Just one year shy of 50-years-old, the Old Mutual Two Oceans Marathon which takes places along the traditional circum-Peninsula 56km route next Saturday, is balancing a tightrope between its identity as a ‘people’s race'.
It is deeply connected to the traditions of marathon running, and satisfying the demands of a modern-day professional event, catering to an ever-increasing demand as one of the Mother City’s most important mass events.
Balancing this tightrope provides countless challenges to the small organising team under GM Carol Vosloo, but the fact that they have mostly succeeded in remaining true to the best traditions of the race while delivering a top-notch professional event which has earned accolades for its world-class organisation, means that ‘The Oceans’ remains a favoured event of ultra- and half-marathoners in Africa and further afield.
In reality it is impossible, nor desirable, to deliver a 21st millennium event with 30000 participants in similar manner to the low-profile event of the early 1970s, which started life as a Comrades Marathon training run in 1970, with fewer than 30 completing the course.
But not a few runners revere the traditions of yore and are concerned at some of the changes which have become inevitable.
Not all traditions are good ones, however, and the ‘Oceans’ has rightly rid itself of unhelpful customs.
The first years were exclusive contests between white male runners, a tradition which fortunately received short shrift when the event was opened to women and all races in the mid-seventies.
And although some may have celebrated the fact that the rules of entry applied to all, beginner and elite alike - race organiser legend Chet Sainsbury turned down both Elana Meyer and Zola Budd in past years as they had not entered on time - the modern day ‘Oceans’ recognises that elite athletes bring profile and excitement to the event and are treated accordingly.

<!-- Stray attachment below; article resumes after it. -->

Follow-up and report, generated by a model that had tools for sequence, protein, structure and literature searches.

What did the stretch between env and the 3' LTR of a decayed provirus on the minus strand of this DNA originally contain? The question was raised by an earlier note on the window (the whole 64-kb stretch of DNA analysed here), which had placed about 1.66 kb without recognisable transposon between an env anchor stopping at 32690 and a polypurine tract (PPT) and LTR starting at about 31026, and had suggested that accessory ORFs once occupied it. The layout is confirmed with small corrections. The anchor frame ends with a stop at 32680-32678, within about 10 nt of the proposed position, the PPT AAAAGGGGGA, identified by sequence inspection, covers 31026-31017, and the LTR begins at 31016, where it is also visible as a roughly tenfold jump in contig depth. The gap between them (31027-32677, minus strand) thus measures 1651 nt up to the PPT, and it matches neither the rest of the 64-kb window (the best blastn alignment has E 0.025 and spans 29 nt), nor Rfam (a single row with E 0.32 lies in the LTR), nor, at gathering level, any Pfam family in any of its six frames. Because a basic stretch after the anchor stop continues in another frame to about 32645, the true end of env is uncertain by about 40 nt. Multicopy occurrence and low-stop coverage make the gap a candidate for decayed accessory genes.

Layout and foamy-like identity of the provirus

One of the anachronisms of Two Oceans which still persists, but which adds considerable value to the media coverage, is that of the ‘media bus’ - a platformed truck which allows journalists a close-up view of the race and runners with an opportunity to enjoy the sounds, sights and smells of the event, rather than cover the race from the television screen in the media centre at the finish.
Another change made some years back was the decision to extend the cut-off time for the 56 km event from six to seven hours.
At the time decried by traditionalists, this now has few detractors, with 40 percent of the field typically finishing in the final hour to claim the new blue medal, with the original bronze medal only handed to those beating the 6-hour mark.
The introduction of the half marathon in the 1990s was also controversial at the time but this event has become one of the most sought after 21.1 km races on the continent, with it’s 16000 capacity selling out in hours each year.
When the traditional fish horn sounds to start the race this year it will not be Brian Benningfield giving a blast from a real horn, rather a recording which sound will echo to the thousands of runners at the start line through a sophisticated sound system – another imaginative solution to marry tradition with modernity and keep the Two Oceans a world class event, while retaining the ‘local is lekker’ flavour.